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Katelyn

12
Sep

Optomap Imaging: The Optimal Step During an Eye Exam

Optomap imaging is a crucial part of nearly every eye exam, but what is it really? And how does it work? Basically, it entails taking a picture of the retina, which lines the back of the eyeball, and displays it on a computer monitor for a more in-depth look. The process is as simple as looking into a camera lens,

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7
Sep

Don’t Let Back to School Mean Pink Eye For Your Kids

Every year as summer ends and school begins, kids go back to school to greet their friends and tell stories of their summer vacations. Along with this passing of information, it’s important to remember that kids often pass along germs as well, and right now is a highly susceptible time for kids to be reintroduced to germs and become sick.

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27
Aug

How Blue Light Affects Your Eyes: Is It as Bad as They Say?

“Don’t sit so close to the TV. You’ll go blind.” How much truth is there to that? We went from believing the statement when we were children, to deciding it’s complete nonsense, to going back to the possibility that it makes sense …. sort of. A television screen, computer screen, or phone most likely won’t “make you go blind,” but

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21
Aug

The Risks of Wearing Old Contact Lenses

If you are one of the approximately 37 million Americans who wear contact lenses, you may wonder what happens if your contacts get old. Perhaps you are using contacts you got several years ago. Or you are trying to save money by wearing your two-week lenses over a more extended period. It may seem like a good idea, but wearing

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13
Aug

Convergence Insufficiency: What It Is and What You Can Do

If you wear eyeglasses or contact lenses for farsightedness and then remove them, can you see? We know you can’t see long distances, but can you read a book? Can you play a game on your phone? See the time on your watch? Technically, it should be “close enough” for you to see, but you notice something strange happening that

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1
Aug

How to Choose the Best Drops for Your Dry Eyes

Dry Eye Causes Dry eyes are the result of a lack of adequate tears or excessive evaporation of tears. Your tears are made up of water, fatty oils, and mucus that keep the surface of the eye moist and clear and help prevent painful eyes and eye infections. Dry eyes can be caused by a number of factors, including: Aging.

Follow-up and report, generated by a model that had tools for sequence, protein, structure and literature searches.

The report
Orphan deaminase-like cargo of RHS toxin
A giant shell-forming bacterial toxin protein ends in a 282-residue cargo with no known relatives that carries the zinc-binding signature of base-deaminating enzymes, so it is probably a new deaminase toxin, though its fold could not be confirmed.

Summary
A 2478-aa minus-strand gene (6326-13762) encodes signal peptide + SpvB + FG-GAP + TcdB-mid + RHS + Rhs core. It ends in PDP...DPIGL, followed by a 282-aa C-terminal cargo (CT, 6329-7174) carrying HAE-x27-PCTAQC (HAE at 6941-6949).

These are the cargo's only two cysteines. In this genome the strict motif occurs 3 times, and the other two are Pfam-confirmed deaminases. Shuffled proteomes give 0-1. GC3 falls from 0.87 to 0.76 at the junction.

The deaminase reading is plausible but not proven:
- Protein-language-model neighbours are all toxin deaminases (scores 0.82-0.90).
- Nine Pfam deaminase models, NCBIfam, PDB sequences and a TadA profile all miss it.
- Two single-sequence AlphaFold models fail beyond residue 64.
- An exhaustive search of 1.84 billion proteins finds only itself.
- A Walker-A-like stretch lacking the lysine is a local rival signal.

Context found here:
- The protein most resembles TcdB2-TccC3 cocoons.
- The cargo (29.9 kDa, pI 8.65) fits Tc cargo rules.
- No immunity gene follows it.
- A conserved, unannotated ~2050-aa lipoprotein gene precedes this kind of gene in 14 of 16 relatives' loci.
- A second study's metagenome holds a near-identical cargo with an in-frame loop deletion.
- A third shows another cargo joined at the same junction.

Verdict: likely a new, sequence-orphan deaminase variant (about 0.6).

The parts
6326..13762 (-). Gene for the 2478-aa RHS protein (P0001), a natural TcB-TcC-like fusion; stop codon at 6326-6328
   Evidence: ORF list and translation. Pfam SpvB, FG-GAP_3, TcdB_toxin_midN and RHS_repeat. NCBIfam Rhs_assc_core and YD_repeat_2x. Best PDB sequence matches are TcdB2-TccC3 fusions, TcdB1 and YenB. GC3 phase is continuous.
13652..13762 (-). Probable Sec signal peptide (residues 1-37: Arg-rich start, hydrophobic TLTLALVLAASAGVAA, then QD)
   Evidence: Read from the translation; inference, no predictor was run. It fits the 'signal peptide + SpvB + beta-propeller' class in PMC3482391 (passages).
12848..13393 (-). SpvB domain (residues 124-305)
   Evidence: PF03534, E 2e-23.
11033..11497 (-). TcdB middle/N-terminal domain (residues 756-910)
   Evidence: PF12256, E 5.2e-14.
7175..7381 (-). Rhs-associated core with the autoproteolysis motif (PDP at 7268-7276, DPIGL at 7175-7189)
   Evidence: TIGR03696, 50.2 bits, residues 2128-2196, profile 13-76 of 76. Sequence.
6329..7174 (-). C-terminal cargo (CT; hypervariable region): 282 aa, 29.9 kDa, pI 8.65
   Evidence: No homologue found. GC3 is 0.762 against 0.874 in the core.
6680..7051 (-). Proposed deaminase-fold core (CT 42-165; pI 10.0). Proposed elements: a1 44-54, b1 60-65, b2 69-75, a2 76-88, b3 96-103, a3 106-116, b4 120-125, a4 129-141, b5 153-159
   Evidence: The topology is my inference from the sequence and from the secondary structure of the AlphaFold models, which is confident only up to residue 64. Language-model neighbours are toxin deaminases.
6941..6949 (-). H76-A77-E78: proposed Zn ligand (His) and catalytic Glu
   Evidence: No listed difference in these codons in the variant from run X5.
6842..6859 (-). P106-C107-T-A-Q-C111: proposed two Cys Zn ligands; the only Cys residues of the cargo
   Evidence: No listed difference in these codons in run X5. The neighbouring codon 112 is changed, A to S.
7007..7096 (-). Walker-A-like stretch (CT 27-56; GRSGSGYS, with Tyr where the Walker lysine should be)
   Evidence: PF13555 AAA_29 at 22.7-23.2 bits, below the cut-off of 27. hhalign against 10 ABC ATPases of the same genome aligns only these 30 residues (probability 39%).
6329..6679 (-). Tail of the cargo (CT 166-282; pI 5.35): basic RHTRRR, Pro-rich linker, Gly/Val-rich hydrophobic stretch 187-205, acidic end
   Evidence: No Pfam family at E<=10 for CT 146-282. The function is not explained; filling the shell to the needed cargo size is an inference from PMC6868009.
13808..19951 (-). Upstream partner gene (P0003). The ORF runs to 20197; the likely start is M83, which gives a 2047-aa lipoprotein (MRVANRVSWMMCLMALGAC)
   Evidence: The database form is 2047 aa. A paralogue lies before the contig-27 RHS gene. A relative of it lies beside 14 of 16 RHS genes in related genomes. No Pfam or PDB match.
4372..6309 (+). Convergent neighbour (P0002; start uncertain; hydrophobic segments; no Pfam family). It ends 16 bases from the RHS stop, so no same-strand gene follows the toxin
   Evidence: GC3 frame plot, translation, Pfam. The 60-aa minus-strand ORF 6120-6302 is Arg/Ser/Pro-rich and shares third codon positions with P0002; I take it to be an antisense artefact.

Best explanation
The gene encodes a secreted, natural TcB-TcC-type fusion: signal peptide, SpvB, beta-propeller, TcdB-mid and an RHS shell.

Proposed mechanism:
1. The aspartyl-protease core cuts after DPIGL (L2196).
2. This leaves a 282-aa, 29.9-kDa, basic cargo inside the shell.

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25
Jun

Can My Eye Color Change with Age?

Aside from the brain, the eyes are probably the most complex organ in the human body. They can bring our world into focus, bend light, and grant us vision. However, for many of us, the most fascinating thing about eyes is their color. Some people may believe that their eye color has changed over time. This leads us to the

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18
Jun

Fish Oil: A Promising Eye Health Ally

Sight is a very precious gift and most people will go to the ends of the Earth and will try every gimmick to maintain or improve their vision. There are countless devices and “medicines” designed with the intent of supporting eye health. The preponderance of those treatments is pure hokum and have absolutely no merit. But one specific treatment might

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11
Jun

Is Swimming Pool Chlorine Bad for Your Eyes?

Jumping into swimming pools is definitely one of the highlights of summertime in Michigan, but some people tend to shy away from doing so because the chlorine in the pool “burns their eyes.” But is there any truth to that? How does chlorine affect your eyes? Here’s how it all goes in a nutshell.   Chlorine Keeps the Pool Clean

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4
Jun

Temporary False Eyelashes: The Good, The Bad, and The Pretty

Are Fake Eyelashes Safe? In this day and age, bigger is better. Fake eyelashes, often known to the makeup world as “falsies,” are all the rage right now. Applying false eyelashes is simple albeit tedious: you apply eyelash adhesive to the edge and glue them down as close to your natural lash line as possible. Once laid down correctly, they

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